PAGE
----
How you should look at these tabletop wargames
You need to remove the idea that "what you see is what really is" to do this. Right now, you seem to base your idea on the game that if a unit is in a certain location on your map, that's really where it is, at that moment. Instead, you might want to consider that this is just where your opponent thinks it is.
Remember that your players are the generals in the battle, giving orders to their soldiers. They are relying on the information being passed along by scouts and signals. So basically, your players are each looking at the battle like this:
Of course, in your game they are both looking at the same map because that makes the game far more manageable, but in the real situation your game simulates, your players would each be looking at their own map, based on their own intelligence of what the actual battlefield looks like.
That means that when your opponent looks at the map (the same map you are looking at) and he sees the ravine, and he sees none of your units there, that's because he thinks that's the current situation. When one of your units suddenly "teleports" halfway across the map to the top of the ravine, that isn't because it has some kind of weird technology, it's because you knew those units were there all along, but your opponent didn't, and now he is in a tough spot. The map isn't a perfect representation of reality, it's a representation of what both sides know and what both sides have convinced the other side is true; that might change at any time when it comes to hidden maneauvers.
Some ways to implement this
The hardest part is implementing these rules in a fair way, because obviously you don't have actual soldiers in some far away area fighting and it won't be fun if each player can just claim their guys did something. Here's some mechanical ideas for how you can include ambushes, bluffs and tricks in a tabletop war game in a fair and fun way.
The 'stealthy' property
Some units might have a property or attribute that makes them 'stealthy'. What this means, rule-wise, is that when no enemy unit has line of sight to them, you mark them on the map as 'hidden' with some kind of marker. Every turn, instead of assigning them an order, you just add another 'hidden' marker. This signifies that the enemy player doesn't know where they are, just where they last spotted them.
During your turn, you can decide to reveal where your ambush units are, by immediately moving them to any place they could have reached over the course of the number of turns they've been hidden from sight and removing their 'hidden' markers.
A possible downside is that hidden units are essentialy everywhere within their range; the commanding player doesn't have to pick where they are while they are hidden. This gives them a big advantage. This advantage can be reduced by using markers that have an arrow on the bottom that shows where the unit went, which requires the player to decide each turn, just not show. Downside to this is that it's a bit more finicky to execute.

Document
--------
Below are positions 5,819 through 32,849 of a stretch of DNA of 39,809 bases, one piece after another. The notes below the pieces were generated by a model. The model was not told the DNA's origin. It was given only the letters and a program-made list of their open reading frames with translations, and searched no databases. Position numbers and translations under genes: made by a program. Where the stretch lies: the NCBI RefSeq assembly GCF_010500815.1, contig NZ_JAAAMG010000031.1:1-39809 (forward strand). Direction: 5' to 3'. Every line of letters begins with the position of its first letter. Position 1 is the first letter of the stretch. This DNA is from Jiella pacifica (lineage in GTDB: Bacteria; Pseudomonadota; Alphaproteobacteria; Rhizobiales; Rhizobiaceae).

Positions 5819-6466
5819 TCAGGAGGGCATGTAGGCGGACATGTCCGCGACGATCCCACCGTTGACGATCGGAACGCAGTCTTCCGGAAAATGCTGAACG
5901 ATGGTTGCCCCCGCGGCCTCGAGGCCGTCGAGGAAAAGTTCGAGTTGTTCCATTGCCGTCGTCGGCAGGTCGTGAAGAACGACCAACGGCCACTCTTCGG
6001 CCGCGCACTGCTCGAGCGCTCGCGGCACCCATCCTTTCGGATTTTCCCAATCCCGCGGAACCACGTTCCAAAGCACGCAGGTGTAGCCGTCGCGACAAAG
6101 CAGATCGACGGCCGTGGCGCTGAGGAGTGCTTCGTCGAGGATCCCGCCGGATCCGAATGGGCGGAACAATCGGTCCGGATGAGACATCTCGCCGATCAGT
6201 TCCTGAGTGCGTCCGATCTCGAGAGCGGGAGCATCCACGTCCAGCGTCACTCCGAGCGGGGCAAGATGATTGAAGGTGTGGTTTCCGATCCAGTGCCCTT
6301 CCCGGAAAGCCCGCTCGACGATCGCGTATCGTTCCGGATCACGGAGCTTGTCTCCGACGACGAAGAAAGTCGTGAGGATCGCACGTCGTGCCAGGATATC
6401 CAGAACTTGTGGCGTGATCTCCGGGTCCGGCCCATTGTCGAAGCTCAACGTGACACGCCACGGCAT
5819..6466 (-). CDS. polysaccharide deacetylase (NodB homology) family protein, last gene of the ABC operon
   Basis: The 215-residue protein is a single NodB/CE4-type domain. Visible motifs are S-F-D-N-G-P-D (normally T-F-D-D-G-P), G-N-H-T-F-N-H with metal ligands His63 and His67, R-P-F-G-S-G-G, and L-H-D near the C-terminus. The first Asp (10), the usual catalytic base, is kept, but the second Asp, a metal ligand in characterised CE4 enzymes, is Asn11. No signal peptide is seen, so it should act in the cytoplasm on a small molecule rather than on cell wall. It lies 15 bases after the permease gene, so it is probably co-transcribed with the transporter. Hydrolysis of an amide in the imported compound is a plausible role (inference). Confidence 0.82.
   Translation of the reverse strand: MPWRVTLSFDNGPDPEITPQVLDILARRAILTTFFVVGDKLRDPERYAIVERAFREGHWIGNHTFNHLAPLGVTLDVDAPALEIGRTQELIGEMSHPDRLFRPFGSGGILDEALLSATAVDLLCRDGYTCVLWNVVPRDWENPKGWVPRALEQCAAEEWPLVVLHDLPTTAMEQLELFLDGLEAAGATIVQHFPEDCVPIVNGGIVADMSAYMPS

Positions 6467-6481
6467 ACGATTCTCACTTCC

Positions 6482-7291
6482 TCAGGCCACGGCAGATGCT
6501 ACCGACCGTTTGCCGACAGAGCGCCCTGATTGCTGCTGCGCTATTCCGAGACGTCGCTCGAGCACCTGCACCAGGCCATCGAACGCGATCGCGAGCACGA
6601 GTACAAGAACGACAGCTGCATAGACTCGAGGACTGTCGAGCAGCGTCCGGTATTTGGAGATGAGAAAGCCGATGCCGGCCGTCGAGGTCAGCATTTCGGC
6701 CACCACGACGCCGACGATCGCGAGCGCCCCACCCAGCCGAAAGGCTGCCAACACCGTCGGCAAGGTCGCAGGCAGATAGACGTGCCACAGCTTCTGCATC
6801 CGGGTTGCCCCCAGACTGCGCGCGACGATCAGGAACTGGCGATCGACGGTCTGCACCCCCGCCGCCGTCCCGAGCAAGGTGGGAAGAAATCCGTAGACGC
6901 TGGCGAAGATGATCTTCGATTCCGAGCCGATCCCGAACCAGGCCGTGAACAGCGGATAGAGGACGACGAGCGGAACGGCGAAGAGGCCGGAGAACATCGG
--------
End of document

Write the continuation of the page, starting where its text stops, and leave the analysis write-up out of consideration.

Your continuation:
The hidden reserve
At the start of the game, you might have some units that have the ability to be left outside the battlefield. Essentially, your opponent doesn't yet know they are even involved (or just doesn't know where they are yet, depending on whether you need to reveal your army before the game). During your turn, you can decide to move these units from the edge of your field all the way to any location they could reach given the turn-number, as long as they don't move through any enemy unit's vision.
Like the stealthy property, this gives you the option to suddenly be at the top of a ravine, and it just resembles that the unit has been stealthily making its way there the whole battle. Again, you could mark direction markers on them during the game if you want to force the player to chose early.
bait and switch
You might give units the option to not have their current location be entirely accurate. They are on the map in a certain spot, but have an ability that when the enemy gains line of sight to them, they can immediately move to a different location, or switch places with one another, or take some other order. This will simulate the unit trying to bait the enemy into making a bad move, based on wrong information on their part. They were always in the other spot, but the enemy didn't realize.
(You can also have special counter-units that suppress this ability, so that when they spot a unit that is trying to bait the enemy, it actually gets pinned stuck in its bad positioning. This can signify a unit that's superior at baiting compared to the original unit, and has actually outmaneauvered them.)
Based on the bait and switch option, decoy units might allow you to deploy things that look and act just like ordinary units until your opponent gains direct line of sight. Then, they might vanish or be replaced with different units. You can mark a decoy on the bottom of the figure, for example, so that your opponent thinks units are attemping a move, only to find out upon acting that it's not a real unit. Or a different one. You might have fielded soldiers wearing different uniforms, or clever use of black smoke and logs might have fooled enemy scouts into thinking you have heavy cannons somewhere.
This last one requires a third player; but if you have a way to communicate moves to an impartial arbiter, you could write down moves in secret that deviate from updates done on the actual map. The arbiter would make sure that the rules keep working while your opponent doesn't know exactly what is going on. Although
how feasible this is, depends on the game you are building, as the arbiter will need to maintain a bunch of hidden state.
Let go of the idea that what you see on the map is reality. Treat it instead like what the commanders think the field is like. Then introduce clever mechanics that let players change the field in unexpected ways.